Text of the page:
So I did it the hard way, cutting triangles with scissors.  I enjoyed piecing the pattern together, but essentially the whole project went downhill after that.




The backing is pretty, but not particularly boyish, and not a brilliant match for the top.



For some reason I put a corded edging all the way round, made of 2 inch long strips of lots of different materials.  This was a piece left over from a skirt I made.  It is interesting to see that the only piece of viscose I used wore out, or perhaps a moth found it particularly tasty.



This piece is from another of my skirts, a beautiful cotton print imported from Japan.  If I saw anything similar on sale now I would snap it up straight away, but I have never found anything quite like it since.

As for the quilting, well there isn't any.  The wadding was a large piece of felty stuff, and of course it shrank, so the well worn informal look set in immediately after the first wash.

Perhaps I should just take the whole thing apart and quilt and bind it properly.  After all this time there's hardly any rush.

Linking up with Andrée's blog Quilting and Learning for Throwback Thursday.

Thursday, 4 April 2019

Free Motion Mavericks - Week 223 - A Batch of Four


Camera batteries have a habit of running out at the most inconvenient times, so the mobile phone had to make do this evening.  I finished the binding on the latest quilt at about midnight last night because I knew I was going to be out for most of the day today, and I wanted photos for tonight's blog post.  So here it is, laid out with the previous three, all looking very floral, and one considerably pinker than the others.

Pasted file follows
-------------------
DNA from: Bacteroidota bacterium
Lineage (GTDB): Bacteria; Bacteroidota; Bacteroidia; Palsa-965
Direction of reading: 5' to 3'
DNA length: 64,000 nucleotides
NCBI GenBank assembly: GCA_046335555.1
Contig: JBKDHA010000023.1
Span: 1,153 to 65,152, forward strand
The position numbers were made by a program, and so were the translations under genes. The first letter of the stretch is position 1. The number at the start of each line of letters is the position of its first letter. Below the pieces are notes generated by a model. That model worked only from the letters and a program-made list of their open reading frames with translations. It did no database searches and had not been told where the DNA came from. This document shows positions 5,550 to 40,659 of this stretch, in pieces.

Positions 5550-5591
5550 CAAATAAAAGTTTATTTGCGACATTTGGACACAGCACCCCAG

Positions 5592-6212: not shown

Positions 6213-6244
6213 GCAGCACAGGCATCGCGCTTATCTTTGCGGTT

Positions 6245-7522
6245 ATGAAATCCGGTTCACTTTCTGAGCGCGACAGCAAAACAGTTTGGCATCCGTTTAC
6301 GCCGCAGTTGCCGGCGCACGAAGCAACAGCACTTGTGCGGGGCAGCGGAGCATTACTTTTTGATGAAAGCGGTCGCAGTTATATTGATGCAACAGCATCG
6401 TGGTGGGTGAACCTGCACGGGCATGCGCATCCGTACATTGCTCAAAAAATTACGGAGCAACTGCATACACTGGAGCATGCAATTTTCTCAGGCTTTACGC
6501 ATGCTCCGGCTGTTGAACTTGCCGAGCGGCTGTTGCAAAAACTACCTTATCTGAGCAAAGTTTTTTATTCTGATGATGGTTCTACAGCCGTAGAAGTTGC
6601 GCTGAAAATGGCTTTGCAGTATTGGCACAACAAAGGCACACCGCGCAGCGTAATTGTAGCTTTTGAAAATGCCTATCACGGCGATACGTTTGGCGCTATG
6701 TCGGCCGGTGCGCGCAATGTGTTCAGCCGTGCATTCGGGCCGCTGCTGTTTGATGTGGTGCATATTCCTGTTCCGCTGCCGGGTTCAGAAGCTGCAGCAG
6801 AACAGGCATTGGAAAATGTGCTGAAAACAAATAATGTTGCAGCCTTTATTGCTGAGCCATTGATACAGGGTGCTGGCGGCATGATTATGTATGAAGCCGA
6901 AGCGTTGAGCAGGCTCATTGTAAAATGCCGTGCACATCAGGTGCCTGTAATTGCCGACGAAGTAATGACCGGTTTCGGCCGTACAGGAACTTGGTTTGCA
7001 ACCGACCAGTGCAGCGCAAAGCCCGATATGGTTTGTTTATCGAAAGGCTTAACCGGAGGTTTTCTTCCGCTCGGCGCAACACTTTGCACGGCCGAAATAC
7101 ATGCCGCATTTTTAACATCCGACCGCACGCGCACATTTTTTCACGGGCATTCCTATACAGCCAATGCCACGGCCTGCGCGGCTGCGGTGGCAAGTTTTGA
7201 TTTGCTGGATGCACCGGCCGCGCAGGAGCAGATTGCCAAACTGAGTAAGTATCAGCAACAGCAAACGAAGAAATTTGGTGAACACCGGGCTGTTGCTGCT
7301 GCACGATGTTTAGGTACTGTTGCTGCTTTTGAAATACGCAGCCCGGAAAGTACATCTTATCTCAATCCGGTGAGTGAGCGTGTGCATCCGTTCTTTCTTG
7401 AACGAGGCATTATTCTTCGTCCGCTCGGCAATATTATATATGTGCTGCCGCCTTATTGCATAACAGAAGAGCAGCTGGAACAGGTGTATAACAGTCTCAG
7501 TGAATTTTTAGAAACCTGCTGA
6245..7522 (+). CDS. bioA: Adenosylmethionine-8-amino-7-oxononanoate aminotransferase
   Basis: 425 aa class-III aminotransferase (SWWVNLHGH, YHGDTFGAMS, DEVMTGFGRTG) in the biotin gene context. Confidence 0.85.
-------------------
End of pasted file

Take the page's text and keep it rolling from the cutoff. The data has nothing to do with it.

The good news is that having concentrated on girly items recently, my hunch has paid off.  A brand new great niece arrived on the 24th March, so the Little Miss Marple cardigan is reserved for her, because her mum, my niece is a great lover of pink.  She already has two little boys, so she is totally pinking out with the arrival of her baby girl.  If she wants a quilt, I shall rummage through my stack and find her the pinkest one of them all.









Here goes for week 223:-

Many thanks to Margarita for showing her beautiful trapunto quilting on the last linky.  If you haven't seen her blog post yet, nip over now and see more.






If you have no free motion quilting to show, feel free to link up and show any project you like.  Here are the usual rules, but feel free to ignore them.  To keep the original emphasis, however, preference will be given to free motion quilting when featuring projects from the previous week.

If you love free motion quilting, whether you are a beginner just taking the plunge, or you have reached the stage where you can do ostrich feathers with your eyes shut and still achieve perfect symmetry, then please link up.

Remember, FMQ is FMQ, whether your machine was made last week, or it is older than your granny.

Here are the very easy and slightly elastic rules:-

1.  Link up with any recent post, ideally from the last week but within the last month, which features a free motion quilting project, whether it is a work in progress or a finish.

2.  Link back to this post in your own post.
  
3.  Visit as many of the other participants as possible and say hello in the comments box.

4.  The link up will remain open for four days, from midnight to midnight GMT for the long weekend, Friday to Monday.

So far quilters from the USA, England, Wales, Australia, Canada, Germany, Holland, New Zealand, France, Macau, Russia, Ireland and Brazil have taken part.  The first participant from each new country will get a special mention the following week.